Ken: Well, I’m thinking about that looking out and I guess if you have a couple of things, maybe it seems odd, but I have a lot of things and they just sort of blend in. There’s a redbud, a Cercis called ‘Silver Cloud’ that has almost white leaves. It’s a tree with, they’re almost white. The leaves are amazing. I’m a distance away, my eye goes right to it. I have a lot of Brunnera [above at Ken’s]. We’ve talked about that. It seemed to be your favorite.
Margaret: No, it’s not [laughter].
Ken: But it grows in dry shade and self-sows and has sex, and there’s all different ones. But I do have one that I planted a couple of years ago called ‘Alexander’s Great’ that has silver veins. I’m in love with a tree that is crazy. It’s a kind of white mulberry Morus alba, and it has a name. It’s called ‘Snowflake Lobed.’
You’d never see it for sale, ever, except for one place, which is Glasshouse Works. I got it and it was about 4 inches tall and that’s a long time ago. Now it’s a tree and each leaf is different. It’s very deeply lobed. The variegation, which can be dark green, chartreuse, yellow, and white at the same time, is very graphic. It’s in angular, geometric shapes.
I can see why it’s not a popular plant, because it reverts. I don’t mean the whole plant, but it pushes out big green leaves on stems through the whole season. It seems to be getting worse [laughter]. I cut them off because it wants to be a big green tree, I guess. I think it took a long time because the initial cutting must have been from a side branch, because it just didn’t want to grow for a decade, but the leaves are remarkable. I show it to guests when they come. Sorry.
Margaret: So it’s a mulberry, is that correct? You said Morus alba, is that right?
Margaret: It sounds like the leaves that are desirable, the variegated ones are almost like a stained glass or something. You said geometric sort of sections of color?
Ken: Yes. I’ve been trying to think of how to describe it. Especially the shape. People know what lobed is, but they think maybe of an oak. It’s very deeply lobed. It’s like a kid’s drawing or something [laughter].
Margaret: Those are some favorites. We have a minute. Anything else you want to show?
Ken: I love my horseradish [laughter].
Margaret: Yes, you have the variegated horseradish.
Ken: People come and everybody wants to grow food and they say, “Do you ever harvest it?” I know if I harvested it, I wouldn’t have it anymore. Of course, it’s probably gigantic now. There’s plenty, but how much horseradish do you need?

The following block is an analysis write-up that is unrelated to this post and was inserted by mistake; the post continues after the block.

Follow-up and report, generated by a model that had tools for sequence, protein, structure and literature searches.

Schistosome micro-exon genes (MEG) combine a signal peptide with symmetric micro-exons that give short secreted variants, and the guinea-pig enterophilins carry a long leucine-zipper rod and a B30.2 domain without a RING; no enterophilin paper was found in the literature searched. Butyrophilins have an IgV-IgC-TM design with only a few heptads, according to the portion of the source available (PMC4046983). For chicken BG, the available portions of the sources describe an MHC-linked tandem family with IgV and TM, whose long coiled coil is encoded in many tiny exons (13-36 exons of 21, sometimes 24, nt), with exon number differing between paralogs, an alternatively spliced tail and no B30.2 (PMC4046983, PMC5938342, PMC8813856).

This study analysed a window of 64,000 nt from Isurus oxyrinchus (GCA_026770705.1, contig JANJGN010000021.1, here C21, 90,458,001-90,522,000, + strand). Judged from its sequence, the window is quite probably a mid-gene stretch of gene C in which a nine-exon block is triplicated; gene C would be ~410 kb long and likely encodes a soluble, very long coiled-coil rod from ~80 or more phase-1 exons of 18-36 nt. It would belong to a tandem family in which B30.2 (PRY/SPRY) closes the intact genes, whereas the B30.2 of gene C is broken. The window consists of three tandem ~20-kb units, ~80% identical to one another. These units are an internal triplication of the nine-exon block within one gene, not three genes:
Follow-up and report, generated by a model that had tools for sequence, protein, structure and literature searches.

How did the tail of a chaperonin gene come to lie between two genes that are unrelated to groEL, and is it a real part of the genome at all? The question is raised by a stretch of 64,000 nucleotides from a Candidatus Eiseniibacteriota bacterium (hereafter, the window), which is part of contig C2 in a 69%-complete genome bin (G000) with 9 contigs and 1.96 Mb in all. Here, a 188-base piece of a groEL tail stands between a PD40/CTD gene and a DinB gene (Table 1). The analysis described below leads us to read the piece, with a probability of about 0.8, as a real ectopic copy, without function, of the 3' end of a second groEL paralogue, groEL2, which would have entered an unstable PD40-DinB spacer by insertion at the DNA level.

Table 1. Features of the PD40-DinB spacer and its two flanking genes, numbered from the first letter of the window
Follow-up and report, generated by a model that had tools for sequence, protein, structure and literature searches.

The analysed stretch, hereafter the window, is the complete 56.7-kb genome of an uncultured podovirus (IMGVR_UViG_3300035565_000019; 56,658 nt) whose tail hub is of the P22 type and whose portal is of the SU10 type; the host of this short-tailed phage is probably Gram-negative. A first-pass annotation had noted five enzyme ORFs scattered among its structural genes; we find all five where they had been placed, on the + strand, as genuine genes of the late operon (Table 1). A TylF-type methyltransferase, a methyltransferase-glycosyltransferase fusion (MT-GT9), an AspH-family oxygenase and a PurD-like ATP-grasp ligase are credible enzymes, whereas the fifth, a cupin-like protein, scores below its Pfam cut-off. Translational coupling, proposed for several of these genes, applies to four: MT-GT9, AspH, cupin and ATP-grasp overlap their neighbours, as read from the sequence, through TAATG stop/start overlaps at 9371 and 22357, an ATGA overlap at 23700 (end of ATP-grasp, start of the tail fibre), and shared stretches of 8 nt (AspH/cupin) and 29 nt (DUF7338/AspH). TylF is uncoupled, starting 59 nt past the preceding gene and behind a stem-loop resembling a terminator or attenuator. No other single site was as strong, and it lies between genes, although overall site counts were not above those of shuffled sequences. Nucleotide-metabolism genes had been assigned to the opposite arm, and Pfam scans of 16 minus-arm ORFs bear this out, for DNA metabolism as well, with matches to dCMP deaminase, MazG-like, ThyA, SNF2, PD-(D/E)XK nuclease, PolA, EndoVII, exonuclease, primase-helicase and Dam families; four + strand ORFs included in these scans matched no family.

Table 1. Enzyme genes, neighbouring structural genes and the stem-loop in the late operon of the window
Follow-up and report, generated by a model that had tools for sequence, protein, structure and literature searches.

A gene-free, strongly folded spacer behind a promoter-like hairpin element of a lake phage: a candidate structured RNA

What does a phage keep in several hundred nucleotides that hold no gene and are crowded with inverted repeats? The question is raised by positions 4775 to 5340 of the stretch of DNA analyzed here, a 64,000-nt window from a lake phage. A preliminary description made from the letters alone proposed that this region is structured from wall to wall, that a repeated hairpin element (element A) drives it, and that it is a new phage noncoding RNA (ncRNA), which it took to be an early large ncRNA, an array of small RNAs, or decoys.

Margaret: Not much.
Ken: A tablespoon? I’m not going to sacrifice a big plant for that.
Margaret: Speaking of edible texture, I have a big, big, big patch in a key spot, of rhubarb [above]. Everybody wants to know why, “You must have so much rhubarb to eat in the spring.” And I’m like, no, because I wait until way past the perfect, tender time for eating the rhubarb because I just love this giant mound of giant leaves. It’s about 9 feet across and gets, I don’t know, 4 or 5 feet high. Then it flowers at like three or four feet above that. So it’s a wonderful thing.
Ken: You’re not supposed to like the flowers.
Margaret: I know. I know, but I love them. So anyway, we have to stop but we’re just saying to everybody, it’s not just about flowers, especially to get through times like this in the season. It’s about leaves, leaves, leaves, texture, maybe variegation, some color and so forth and juxtaposing them. So thanks. It’s good to talk to you and I’ll talk to you later. O.K.?
Ken: Thanks, Margaret.
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MY WEEKLY public-radio show, rated a “top-5 garden podcast” by “The Guardian” newspaper in the UK, began its 11th year in March 2020. In 2016, the show won three silver medals for excellence from the Garden Writers Association. It’s produced at Robin Hood Radio, the smallest NPR station in the nation. Listen locally in the Hudson Valley (NY)-Berkshires (MA)-Litchfield Hills (CT) Mondays at 8:30 AM Eastern, rerun at 8:30 Saturdays. Or play the Aug. 16, 2021 show using the player near the top of this transcript. You can subscribe to all future editions on iTunes/Apple Podcasts or Spotify or Stitcher (and browse my archive of podcasts here).